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Last Update: Monday September 20, 2021

Key Idea: Hire Experience

Running a movie theater requires some specific skills that founders Joe Wasserman and Richard Stanley didn't have.  They were smart to hire people with experience who helped them get off to a fast start.

Key Question:

A: 

Hire people who have already done what you are hiring them to do.  The only problem with this strategy is you may not have enough cash flow to do this. 

Back in 1980 when I had a training business I called on the owners of companies with fewer than 100 employees.  I offered them on-premise classes for their employees on the topics of customer service, sales and supervisory skills.  At the time I lived in Fort Worth, Texas which is where the headquarters for what was called back then,  Bass Brother Enterprises.  The Bass family is one of the wealthiest in the world and it ran a group of companies involved in oil, real estate, investments and whatever else caught the fancy of the owners.

This was not a small company however one of my clients referred me to the director of human resources at  Bass Brothers.  I will never forget what happened in that sales call.  I asked this executive (not the owner) if he thought the people on the payroll were accomplishing what they needed to be accomplishing.  He said, "Well, if they aren't I fire them." 

I tried again.  I asked, "Are there skills you think people on your team need that they do not have now?"   He said, "If they don't know how to do their job it is their responsibility to learn.  I hire the best people in the country and pay them top dollar so I don't have to teach them anything."

I thanked him for his time and was glad to get out of that office.  It was truly my first experience with hard-ball leadership.  I understand it completely and don't fault anyone who runs their business this way.  However, most of us don't have the brand or big bucks to try this technique.

Think about it

Can you afford to hire experience?  If not, are you prepared to pay people to learn on the job?

Clip from: Triplex Movie Theater

Great Barrington, Massachusetts: We go into the downtown of this village, just on the fringe of the pulsing melodies of the Tanglewood Music Festival, the summer home of the Boston Symphony (just north in Lenox). Today, the entire area is an arts colony. Not too long ago Great Barrington was a neglected old mill town. Today, it is a picture postcard of the Berkshires -- the town is in a renaissance sparked in part by two men who thought they were going to retire.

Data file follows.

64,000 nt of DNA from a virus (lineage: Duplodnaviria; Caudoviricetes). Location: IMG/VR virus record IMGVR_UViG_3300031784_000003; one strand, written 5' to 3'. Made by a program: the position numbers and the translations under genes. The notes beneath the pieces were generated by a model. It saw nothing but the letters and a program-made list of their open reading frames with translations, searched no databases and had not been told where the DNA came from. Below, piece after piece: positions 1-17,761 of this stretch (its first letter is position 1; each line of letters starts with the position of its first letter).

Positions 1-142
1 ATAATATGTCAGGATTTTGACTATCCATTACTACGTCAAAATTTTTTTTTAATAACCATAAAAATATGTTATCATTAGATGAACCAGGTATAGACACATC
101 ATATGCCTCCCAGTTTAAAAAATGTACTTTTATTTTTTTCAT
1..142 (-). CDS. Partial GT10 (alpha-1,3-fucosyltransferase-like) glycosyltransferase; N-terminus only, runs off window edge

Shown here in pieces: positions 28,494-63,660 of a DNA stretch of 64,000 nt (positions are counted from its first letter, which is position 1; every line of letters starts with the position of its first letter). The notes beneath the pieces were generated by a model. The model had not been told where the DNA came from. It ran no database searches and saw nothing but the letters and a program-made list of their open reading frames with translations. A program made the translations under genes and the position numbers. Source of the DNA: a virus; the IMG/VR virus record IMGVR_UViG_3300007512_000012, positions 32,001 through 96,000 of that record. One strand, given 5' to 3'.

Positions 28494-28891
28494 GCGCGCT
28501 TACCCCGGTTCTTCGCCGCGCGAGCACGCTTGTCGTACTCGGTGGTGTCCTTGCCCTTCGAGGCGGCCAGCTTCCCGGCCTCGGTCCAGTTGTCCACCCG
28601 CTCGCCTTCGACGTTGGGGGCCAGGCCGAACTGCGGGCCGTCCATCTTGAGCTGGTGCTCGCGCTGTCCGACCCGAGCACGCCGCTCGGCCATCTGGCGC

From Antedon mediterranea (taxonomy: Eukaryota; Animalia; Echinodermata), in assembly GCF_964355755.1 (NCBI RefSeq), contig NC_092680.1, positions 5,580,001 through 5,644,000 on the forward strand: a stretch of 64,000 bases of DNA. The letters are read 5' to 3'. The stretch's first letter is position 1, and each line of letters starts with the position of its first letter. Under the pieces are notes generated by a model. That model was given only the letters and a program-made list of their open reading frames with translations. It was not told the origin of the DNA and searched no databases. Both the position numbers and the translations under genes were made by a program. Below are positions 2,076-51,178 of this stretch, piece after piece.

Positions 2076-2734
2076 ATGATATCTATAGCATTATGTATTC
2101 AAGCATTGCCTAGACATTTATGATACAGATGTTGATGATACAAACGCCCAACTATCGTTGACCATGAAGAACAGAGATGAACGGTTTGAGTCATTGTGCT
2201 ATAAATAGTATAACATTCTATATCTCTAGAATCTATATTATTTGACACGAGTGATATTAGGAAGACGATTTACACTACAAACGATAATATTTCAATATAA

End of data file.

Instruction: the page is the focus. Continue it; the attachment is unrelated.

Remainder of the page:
Owners Richard Stanley and Joe Wasserman are heroes because they jumped in to solve a problem. They didn't ask, "Why doesn't somebody do something?" They became the somebody and they caught the imagination of the town.

They built Triplex Cinema on the site of a former lumberyard and today it is the hub of nightlife for the town.   It opened in November of 1995 with one film and today it not only offers movies, it is a gathering place for live events and dining in the lobby café.

Go to the key ideas for this episode...
A homepage about not retiring ...
A homepage about niches...

Triplex Cinema

Richard Stanley, President

70 Railroad Street
Great Barrington, MA 01230
413.528.8885

Visit our web site: http://thetriplex.com/

Office: 413.528.8885

Business Classification:
Entertainment, Movies

Year Founded: 1995

Hire Experience

Ms. ALEX HEDDINGER: I do pretty much everything, if it's scheduling the crew, if it's ordering supplies, if it's doing final reports or if it's popping corn.

JOE: We were very lucky that we found Alex Heddinger to be our manager. When she turned up at the interviews, we were so anxious to dissuade her. She has two young children, and as you know, movie theaters are busiest at night and on holidays. And we said, `It's inconceivable that you can take a job where you're present during those kinds of hours and be, you know, a mother to two young children.' And she said, `No, no. It's good. I can be home in the mornings.'

HATTIE: How did they get you to come to work here?

ALEX: No. I saw an ad in the paper. It sounded like an interesting job. I did come from an arts background. This is something that is close to art but offers a little bit more business sides of things, you know? It is about, you know, making the money at the end of the day.

JOE: She isn't here all the time. She does take some time off. She has good assistant managers who cover for her. But she's a vital force here.

RICHARD: The accolades that all of us get on the street from--and that's interesting about being in a community of this size is that you talk to your customers. They see you in the local luncheonette or wherever, and they'll let you know whether you have...

HATTIE: You can't hide.

RICHARD: You can't hide here, absolutely not.

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